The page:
At the same time, in the 1990s, the preservation of Jewish Religious sites had gradually begun in Ukraine. In 1994, Governments of the United States (United States Commission for the Preservation of America’s Heritage Abroad) [15] and Ukraine (The Jewish Preservation Committee of Ukraine) entered into an agreement to record and preserve all Jewish burial grounds and other important sites in Ukraine. A representative from the committee, ethnographer Leonid Kogan, visited Olevsk in June of 1996. He surveyed, photographed and recorded Jewish graves at the old and new Jewish cemeteries. He also interviewed Roman Shapiro. In 2015, we were able to find and connect with Leonid Kogan, who now lives in Germany. He shared with us how difficult it has been to collect information when so many archives were destroyed. In many cases, like during his visit to Olevsk, his only option for research and information was to rely on recollections of local, elderly Jewish residents. However, very few were available. The Jewish population of Olevsk decreased from almost 3000 before World War II to under 200 in the 1990s [21], and less than 20 in the present time. Sadly, the memories of many were less than clear and were unreliable as a result of age, strenuous living conditions in Ukraine, and the time that had passed since there was a significant Jewish presence in these towns [15].


The family did not know anything about the new theories and surveying of the cemetery. After the Chernobyl nuclear disaster and the fall of Socialism, many of us were fleeing Ukraine and Russia. In 1996, we felt that it was finally time and finally safe to place the names of both Rabbis on the Ohel to preserve it for future generations. Our family installed the memorial plaque in September 1996, just 3 month after Leonid Kogan conducted the survey of the cemetery.

Olevsk Ohel, Courtesy of the Center for Jewish art


In 2003, Rabbi Levi Itzhak’s oldest grandchildren who knew him personally, wrote an article titled, “Memory of the Heart” [1]. It was based on their personal memories and everything they knew from previous generations. The article was published in 2003, in New York, in the Jewish World Magazine, and became the first major step in preserving our family history. The article has been displayed in the Ohel since that time. Rabbi Levi Itzhak’s granddaughter narrated the family story to her grandchildren before she died in 2007. Her recorded audio diary became part of our heritage.

Article “Memory of the heart” written by Mikhael and Genya, grandchildren of Rabbi Levi Itzhak Gottlib

published in Evreiskii Mir (Jewish World) weekly newspaper, Brooklyn, NY No 597, 30th of October 2003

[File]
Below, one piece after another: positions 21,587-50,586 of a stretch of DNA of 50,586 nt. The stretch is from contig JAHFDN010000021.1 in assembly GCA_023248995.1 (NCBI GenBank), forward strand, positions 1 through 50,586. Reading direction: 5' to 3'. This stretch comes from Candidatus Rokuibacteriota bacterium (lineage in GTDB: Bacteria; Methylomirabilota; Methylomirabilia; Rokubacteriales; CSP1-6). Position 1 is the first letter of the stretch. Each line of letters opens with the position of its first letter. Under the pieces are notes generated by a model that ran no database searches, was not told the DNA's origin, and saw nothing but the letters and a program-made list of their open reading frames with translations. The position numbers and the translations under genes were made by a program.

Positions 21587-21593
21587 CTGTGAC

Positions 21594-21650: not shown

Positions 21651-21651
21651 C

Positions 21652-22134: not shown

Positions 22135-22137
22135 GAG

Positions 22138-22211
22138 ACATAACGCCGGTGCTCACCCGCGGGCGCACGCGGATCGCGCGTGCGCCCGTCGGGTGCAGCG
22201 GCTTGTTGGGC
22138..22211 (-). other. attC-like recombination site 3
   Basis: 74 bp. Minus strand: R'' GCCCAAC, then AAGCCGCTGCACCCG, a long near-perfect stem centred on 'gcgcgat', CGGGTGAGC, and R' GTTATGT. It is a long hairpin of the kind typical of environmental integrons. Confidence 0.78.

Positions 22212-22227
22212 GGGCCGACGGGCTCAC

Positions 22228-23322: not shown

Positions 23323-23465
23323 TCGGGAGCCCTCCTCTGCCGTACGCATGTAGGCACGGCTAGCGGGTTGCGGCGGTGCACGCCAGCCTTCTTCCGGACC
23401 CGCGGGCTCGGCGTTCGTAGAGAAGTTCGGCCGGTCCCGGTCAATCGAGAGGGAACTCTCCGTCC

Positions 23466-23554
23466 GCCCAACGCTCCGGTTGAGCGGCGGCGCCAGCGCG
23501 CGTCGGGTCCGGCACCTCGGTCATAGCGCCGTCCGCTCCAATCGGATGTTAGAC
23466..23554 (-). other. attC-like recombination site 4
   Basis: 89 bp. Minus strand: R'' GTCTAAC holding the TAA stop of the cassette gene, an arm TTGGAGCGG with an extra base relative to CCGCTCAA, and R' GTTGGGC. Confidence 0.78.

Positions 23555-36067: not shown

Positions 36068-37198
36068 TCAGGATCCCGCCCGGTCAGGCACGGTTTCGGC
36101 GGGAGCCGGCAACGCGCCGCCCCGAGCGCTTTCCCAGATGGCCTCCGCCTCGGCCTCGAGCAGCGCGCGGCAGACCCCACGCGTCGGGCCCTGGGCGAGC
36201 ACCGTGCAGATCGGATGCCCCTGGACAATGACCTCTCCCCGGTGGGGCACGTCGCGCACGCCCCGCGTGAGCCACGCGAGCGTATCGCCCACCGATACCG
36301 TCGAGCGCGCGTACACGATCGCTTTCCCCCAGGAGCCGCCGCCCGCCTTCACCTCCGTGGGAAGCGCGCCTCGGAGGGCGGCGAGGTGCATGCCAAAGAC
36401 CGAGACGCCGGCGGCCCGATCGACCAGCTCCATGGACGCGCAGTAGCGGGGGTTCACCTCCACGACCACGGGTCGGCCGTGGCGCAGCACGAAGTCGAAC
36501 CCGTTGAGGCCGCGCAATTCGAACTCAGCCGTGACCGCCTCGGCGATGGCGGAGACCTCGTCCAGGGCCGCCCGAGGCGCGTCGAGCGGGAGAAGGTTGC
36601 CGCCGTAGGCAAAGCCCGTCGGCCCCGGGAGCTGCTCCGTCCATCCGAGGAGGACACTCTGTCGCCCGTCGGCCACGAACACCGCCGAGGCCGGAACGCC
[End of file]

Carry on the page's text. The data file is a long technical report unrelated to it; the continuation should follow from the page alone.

In 2005, the United States Commission for the Preservation of America’s Heritage Abroad published a report [15], based on the 1990s survey, about Jewish cemeteries, synagogues, and mass grave sites in Ukraine. Because of this tremendous project, the Olevsk Old Jewish Cemetery was registered as an Historical Jewish Heritage Site in Ukraine on the International Jewish Cemetery Project [18], and more recently, at The Center for Jewish Arts in Israel [12].


Only 10 years later, in December of 2015, we first learned about the International Jewish Cemetery project [18] and realized that no one knew our Tzaddik grandparents’ history. In 2016, we hired a researcher in Ukraine with the hope of confirming the family story with archive records. With guidance from Miriam Weiner [16, 17, 18], renowned genealogist of Jewish history in Europe, and her foundation “Routes to Roots,” we were able to recover family records in Rabbinical metrical books and census records in the archives of Zhitomir and Lutsk. We found priceless documents that completely supported our family history and provided the unique opportunity to trace it back 10 generations to Rabbi Shlomo Gottlieb from Karlin and his son Rabbi Moshe from Ludmir. We have documents that show that Rabbi Shlomo from Ludmir [2, 13, 14, 22], son of Rabbi Moshe, was married to Chaya Sara Twersky [2, 13, 22], the daughter of Grand Rabbi Aaron Twersky of Chernobyl [20]. Rabbi Ishua Gottlieb was their son and our great-great-grandfather, the first Tsaddik for whom the Ohel in Olevsk was built in 1889.


At the present time, more and more people from across the globe journey to visit and pray at our grandparents’ graves, and many religious groups visit during holidays. We feel that the history that was preserved within our family has become not only vital for us, but has grown into a responsibility and duty to share the story as it was passed down from our elders. Traditionally in Hasidism, Ohel is the resting place of a righteous person and “the righteous are greater in death than during their lifetime”. Olevsk Ohel is one of the few Jewish sites in the world that survived virtually untouched, and we attribute it to the power of the Tsaddiks who are buried there. As new generations come to Ohel for blessings, spiritual guidance, and inspiration, as they light candles and leave hundreds of notes at graves, we hope they’ll appreciate knowing Rabbis Ishua and Levi Itzhak Gottliebs’ names and amazing stories. Blessed be their righteous memory!